Since the advent of social media, publishers have eagerly teased appealing, easy-to-digest links in order to get consumers to view and share their content. You may know this practice as clickbait, and it’s the siren song of the publishing world. And for emerging brand publishers, figuring out how “clickbaity” to be presents a huge challenge.
There are signs that a revolt against clickbait may be coming. Earlier this fall, Facebook gave one of the clearest definitions of clickbait in a post explaining how they were cracking down on the practice: “‘Clickbait’ is when a publisher posts a link with a headline that encourages people to click to see more, without telling them much information about what they will see.”
While Facebook isn’t going to read every headline and penalize brands accordingly, they are going to penalize links that fail to hold user attention, explaining: “If [users] click through to a link and then come straight back to Facebook, it suggests that they didn’t find something that they wanted.”
This is the kind of content that’s counterproductive for brand publishers to post. After all, the objective of brand publishing isn’t to get empty clicks—it’s to build relationships with people. But how can brands strike the balance between creating shareable, compelling content and manipulating readers for clicks?
A great start is by understanding the nature of clickbait and some of its consequences.
Why do we even click?
The clickbait technique is old hat. At its core, it’s the combination of journalism content and catchy headline copywriting, not unlike how the six o’clock news teases its upcoming reports on fatalities, scares, and threats. The media is built on emotions (hence the pre-Internet controversy over sensationalist newspapers), and the most effective companies figure out which ones trigger the greatest degree of reader engagement.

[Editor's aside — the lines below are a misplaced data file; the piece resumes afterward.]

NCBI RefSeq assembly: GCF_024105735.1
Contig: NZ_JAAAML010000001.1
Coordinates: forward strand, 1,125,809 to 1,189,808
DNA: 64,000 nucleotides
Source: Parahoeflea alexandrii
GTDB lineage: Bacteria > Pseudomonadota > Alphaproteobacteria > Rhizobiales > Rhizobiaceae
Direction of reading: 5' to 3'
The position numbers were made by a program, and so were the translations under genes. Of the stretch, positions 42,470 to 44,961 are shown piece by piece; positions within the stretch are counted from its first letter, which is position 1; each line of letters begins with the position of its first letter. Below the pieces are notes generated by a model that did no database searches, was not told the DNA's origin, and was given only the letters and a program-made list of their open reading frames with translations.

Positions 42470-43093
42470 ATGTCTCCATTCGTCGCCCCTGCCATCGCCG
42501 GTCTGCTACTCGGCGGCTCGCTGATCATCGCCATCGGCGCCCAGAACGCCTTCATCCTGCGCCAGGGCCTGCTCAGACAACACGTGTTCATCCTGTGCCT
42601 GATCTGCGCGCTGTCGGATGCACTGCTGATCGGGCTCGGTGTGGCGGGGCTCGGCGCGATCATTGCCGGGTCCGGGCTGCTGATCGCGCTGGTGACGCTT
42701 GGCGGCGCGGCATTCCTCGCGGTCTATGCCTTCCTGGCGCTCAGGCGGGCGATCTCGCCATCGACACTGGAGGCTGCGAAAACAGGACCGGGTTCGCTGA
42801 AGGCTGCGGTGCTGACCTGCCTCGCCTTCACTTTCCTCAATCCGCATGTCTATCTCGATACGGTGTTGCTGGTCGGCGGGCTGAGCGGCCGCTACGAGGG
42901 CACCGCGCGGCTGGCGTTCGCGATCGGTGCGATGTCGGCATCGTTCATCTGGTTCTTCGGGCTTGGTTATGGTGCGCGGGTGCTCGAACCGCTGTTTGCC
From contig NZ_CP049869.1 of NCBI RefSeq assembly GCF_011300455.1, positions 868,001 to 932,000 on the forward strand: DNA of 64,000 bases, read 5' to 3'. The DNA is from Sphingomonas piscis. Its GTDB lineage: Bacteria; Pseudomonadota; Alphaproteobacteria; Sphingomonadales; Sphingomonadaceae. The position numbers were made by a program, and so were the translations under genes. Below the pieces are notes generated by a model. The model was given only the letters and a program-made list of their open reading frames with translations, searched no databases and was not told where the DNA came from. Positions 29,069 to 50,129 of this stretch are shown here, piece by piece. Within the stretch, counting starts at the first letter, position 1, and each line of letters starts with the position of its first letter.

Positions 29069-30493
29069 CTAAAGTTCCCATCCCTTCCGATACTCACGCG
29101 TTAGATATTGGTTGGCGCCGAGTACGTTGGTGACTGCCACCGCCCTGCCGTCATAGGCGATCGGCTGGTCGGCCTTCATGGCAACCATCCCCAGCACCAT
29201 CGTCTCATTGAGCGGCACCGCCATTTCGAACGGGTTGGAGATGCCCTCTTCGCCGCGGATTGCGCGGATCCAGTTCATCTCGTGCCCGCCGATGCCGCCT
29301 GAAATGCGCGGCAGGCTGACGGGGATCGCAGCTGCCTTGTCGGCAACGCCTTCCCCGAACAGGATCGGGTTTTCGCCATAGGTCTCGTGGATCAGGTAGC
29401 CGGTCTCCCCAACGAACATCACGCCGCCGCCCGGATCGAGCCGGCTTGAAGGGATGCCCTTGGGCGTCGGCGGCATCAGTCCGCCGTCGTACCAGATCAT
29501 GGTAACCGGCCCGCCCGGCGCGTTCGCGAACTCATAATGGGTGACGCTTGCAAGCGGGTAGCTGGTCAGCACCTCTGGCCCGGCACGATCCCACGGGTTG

Granted, there are varying degrees in the gradient of clickbait. Some publishers create high-quality content and smartly package it with a compelling headline, while other publishers succeed at leveraging the curiosity gap but don’t deliver on the promise they’ve made, leaving the reader disappointed.
The amount of content that fits the latter category is growing. Today, the Internet largely rewards listicles and snazzy headlines riding the coattails of recent news. Albeit short, catchy, and cute, the content is often an attempt to take advantage of your core emotions, like fear, guilt, love, pride, greed, and belonging. Clickbait is pretty easy to identify. As Vox’s acting managing editor, Nilay Patel, writes:
Upworthy’s now-infamous ‘You’ll never guess what happened next’ headline construction is a one-question pop quiz; a call for the reader to actually guess what happened next, and then verify that guess by reading the article. It creates value because there’s a chance you’ll be rewarded with the smug satisfaction of being right. (And if even you’re not, you still get to share that question on Facebook to trick your friends.)
For a deeper understanding of clickbait, The American Reader’s Michael Reid Roberts breaks down the grammar of Upworthy’s headlines: